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D.A.R.E. culmination ceremony Tuesday
This logo will be on the fronts of t-shirts worn by fifth graders for Tuesday's culmination of D.A.R.E.
Winning essays for the 2012 culmination were read by the writers.
These were some of the DARE license plates made for last year's culmination.
RUMFORD -- The Rumford Police Department is celebrating the 25th year and 26th culmination of D.A.R.E. (Drug Abuse Resistance Education) at 6 p.m. on Tuesday in the Muskie Auditorium at the Mountain Valley High School.
DARE educates fifth grade students of the dangers of drugs and violence. Instructing the program is Sgt. Doug Maifeld, who taught 84 students this year in Meroby and Rumford elementary schools, and at the Holy Savior School.
Maifeld noted that DARE is taught in 75 percent of the school districts in the United States and in 43 different countries.
The President has proclaimed April 4 as National DARE Day.
Maifeld said one of the big things DARE provides is to help students to make safe and responsibile choices. Another DARE acronym along this line is Define, Access, Respond and Evaluate. "We want students to step back and think about the consequences of their actions."
The guest speaker will be Maine's Attorney General, Janet Mills. Maifield is not yet sure what her topic will be for the evening.
Core subject areas include Bullying, Violence, Tobacco, Alcohol, Marijuana and Inhalants, Peer Pressure, Responding Confident and Assertive, Self Esteem and Violence.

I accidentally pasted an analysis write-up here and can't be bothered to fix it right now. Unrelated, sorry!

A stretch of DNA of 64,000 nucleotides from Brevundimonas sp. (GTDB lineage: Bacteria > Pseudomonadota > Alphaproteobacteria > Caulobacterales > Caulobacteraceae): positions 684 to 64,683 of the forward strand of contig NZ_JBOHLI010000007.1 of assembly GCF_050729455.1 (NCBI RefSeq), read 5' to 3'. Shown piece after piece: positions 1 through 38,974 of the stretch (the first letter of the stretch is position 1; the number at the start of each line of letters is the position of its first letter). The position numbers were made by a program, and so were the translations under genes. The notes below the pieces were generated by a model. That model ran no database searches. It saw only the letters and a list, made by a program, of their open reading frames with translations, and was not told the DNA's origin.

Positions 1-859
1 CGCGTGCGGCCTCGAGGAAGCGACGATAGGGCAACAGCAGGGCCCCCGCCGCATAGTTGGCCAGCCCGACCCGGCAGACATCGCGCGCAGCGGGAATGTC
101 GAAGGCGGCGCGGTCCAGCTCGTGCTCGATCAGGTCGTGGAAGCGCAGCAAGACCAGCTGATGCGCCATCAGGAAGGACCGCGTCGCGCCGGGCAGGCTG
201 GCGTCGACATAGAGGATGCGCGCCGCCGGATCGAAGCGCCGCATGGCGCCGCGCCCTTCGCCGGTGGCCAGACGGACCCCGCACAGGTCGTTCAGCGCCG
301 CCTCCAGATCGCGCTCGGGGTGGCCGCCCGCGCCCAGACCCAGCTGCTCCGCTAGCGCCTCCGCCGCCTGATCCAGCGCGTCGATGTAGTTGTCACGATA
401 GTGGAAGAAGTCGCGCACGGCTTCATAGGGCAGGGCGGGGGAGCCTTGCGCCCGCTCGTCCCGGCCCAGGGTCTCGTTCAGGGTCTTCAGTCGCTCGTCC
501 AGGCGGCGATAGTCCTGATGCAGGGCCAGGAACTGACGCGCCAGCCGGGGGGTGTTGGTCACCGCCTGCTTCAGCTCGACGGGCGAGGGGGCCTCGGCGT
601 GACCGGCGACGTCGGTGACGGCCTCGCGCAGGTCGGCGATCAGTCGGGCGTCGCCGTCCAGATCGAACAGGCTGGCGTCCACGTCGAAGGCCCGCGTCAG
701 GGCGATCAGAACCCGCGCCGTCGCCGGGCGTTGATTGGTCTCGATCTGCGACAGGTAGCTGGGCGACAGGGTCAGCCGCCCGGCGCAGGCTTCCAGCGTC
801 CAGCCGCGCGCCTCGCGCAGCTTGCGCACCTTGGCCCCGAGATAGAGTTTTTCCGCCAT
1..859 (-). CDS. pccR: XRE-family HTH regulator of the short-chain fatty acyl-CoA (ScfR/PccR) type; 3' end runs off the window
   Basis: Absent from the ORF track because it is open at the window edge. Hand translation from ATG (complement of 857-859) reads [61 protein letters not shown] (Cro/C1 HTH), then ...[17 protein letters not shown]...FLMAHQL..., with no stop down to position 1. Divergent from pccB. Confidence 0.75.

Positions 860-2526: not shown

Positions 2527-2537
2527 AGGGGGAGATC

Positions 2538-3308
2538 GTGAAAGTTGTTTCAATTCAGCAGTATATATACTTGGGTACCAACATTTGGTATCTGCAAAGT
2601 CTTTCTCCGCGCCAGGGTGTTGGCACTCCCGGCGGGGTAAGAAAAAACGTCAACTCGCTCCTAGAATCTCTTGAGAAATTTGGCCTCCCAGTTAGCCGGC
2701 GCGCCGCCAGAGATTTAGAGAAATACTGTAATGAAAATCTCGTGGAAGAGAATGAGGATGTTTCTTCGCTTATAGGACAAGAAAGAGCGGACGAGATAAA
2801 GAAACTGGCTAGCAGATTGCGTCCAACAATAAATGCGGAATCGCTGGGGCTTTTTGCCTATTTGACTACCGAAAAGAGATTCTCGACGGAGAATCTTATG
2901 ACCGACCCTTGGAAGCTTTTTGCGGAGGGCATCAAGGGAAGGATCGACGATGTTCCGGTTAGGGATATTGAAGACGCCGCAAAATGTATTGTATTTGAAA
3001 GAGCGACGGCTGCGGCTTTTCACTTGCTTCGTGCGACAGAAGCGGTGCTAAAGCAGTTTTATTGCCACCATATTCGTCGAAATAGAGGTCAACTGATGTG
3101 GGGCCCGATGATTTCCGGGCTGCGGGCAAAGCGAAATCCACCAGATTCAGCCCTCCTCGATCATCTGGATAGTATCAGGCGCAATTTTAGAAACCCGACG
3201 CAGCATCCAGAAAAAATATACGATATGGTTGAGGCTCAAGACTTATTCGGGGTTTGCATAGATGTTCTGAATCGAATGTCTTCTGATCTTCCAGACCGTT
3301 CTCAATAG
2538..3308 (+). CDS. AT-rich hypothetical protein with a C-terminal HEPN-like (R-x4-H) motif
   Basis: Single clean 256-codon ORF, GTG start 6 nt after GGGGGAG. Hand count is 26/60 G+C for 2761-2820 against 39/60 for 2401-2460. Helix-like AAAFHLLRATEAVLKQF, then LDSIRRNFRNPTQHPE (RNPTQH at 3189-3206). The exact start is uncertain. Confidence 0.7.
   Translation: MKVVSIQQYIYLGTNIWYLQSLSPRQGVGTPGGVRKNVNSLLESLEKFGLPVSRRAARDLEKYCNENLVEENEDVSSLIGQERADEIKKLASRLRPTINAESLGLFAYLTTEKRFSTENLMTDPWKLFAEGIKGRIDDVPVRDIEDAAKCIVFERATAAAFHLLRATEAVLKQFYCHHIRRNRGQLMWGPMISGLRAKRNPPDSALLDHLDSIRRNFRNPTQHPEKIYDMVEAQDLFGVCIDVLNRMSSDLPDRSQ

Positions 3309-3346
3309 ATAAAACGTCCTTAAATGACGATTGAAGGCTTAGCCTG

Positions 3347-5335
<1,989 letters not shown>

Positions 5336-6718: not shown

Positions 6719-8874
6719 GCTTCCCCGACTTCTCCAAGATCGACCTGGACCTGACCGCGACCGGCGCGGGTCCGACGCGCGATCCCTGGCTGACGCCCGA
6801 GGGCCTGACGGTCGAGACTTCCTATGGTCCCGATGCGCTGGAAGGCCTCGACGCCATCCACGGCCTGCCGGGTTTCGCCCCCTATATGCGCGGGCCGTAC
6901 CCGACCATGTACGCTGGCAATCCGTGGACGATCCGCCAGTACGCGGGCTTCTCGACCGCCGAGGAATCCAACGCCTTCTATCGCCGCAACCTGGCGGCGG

Maifeld said DARE America has incorporated a "keepin' it REAL" elementary curriculum, which continues many of the strengths of previous DARE lessons with improvement made to be even more effective in encouraging students to lead safe, responsible and drug-free lives.
After participating in the new curriculum, students will be able to:
* Exercise self-control, particularly when under stress and pressure. It will teach them to control their emotions, avoid impulsive behavior and think critically about their experiences in order to plan a drug-free life.
* Identify the risk and consequences of their choices. The curriculum prepares them for the rapid changes and challenges they are about to face, including the increasing presence of drugs in their lives, by teaching them to evaluate the riskd and consequences of their choices.
* Make safe and responsible decisions. The DARE Decision Making Model continues to be central because youth this age need to understand how to think clearly and critically about the choices they face and, perhaps more importantly, plan for the ones they are about to face.
* Communicate more confidently and effectively, this developing stronger relationships with peers, family and authority figures.
* Become safe and responsible citizens by learning how to help others and know how to get help. Youth of this age cannot to everything along so the new curriculum stresses safe and responsible ways to give and get help.
However, because Maifeld has taught DARE for 20 years now, he does have his favorites teachings, particularly in the area of self-esteem.
He also is well-versed in teaching about bullying, lessons he has also provided to schools in Fryeburg and Sumner through the Oxford County Sheriff's Department.
Basically, the 17 core lessons have been reduced to 10, with Maifeld adding lessons on marijuana, self-esteen and violence to the 14-week program. One of the new aspects he likes is the journals that students keep during DARE, which they can refer to when they write their DARE essays.
After all these years, Maifeld perhaps his favorite part is reading the DARE essays written by his students. "They remind me of why I do this. It definitely reinforces why I continue to do this."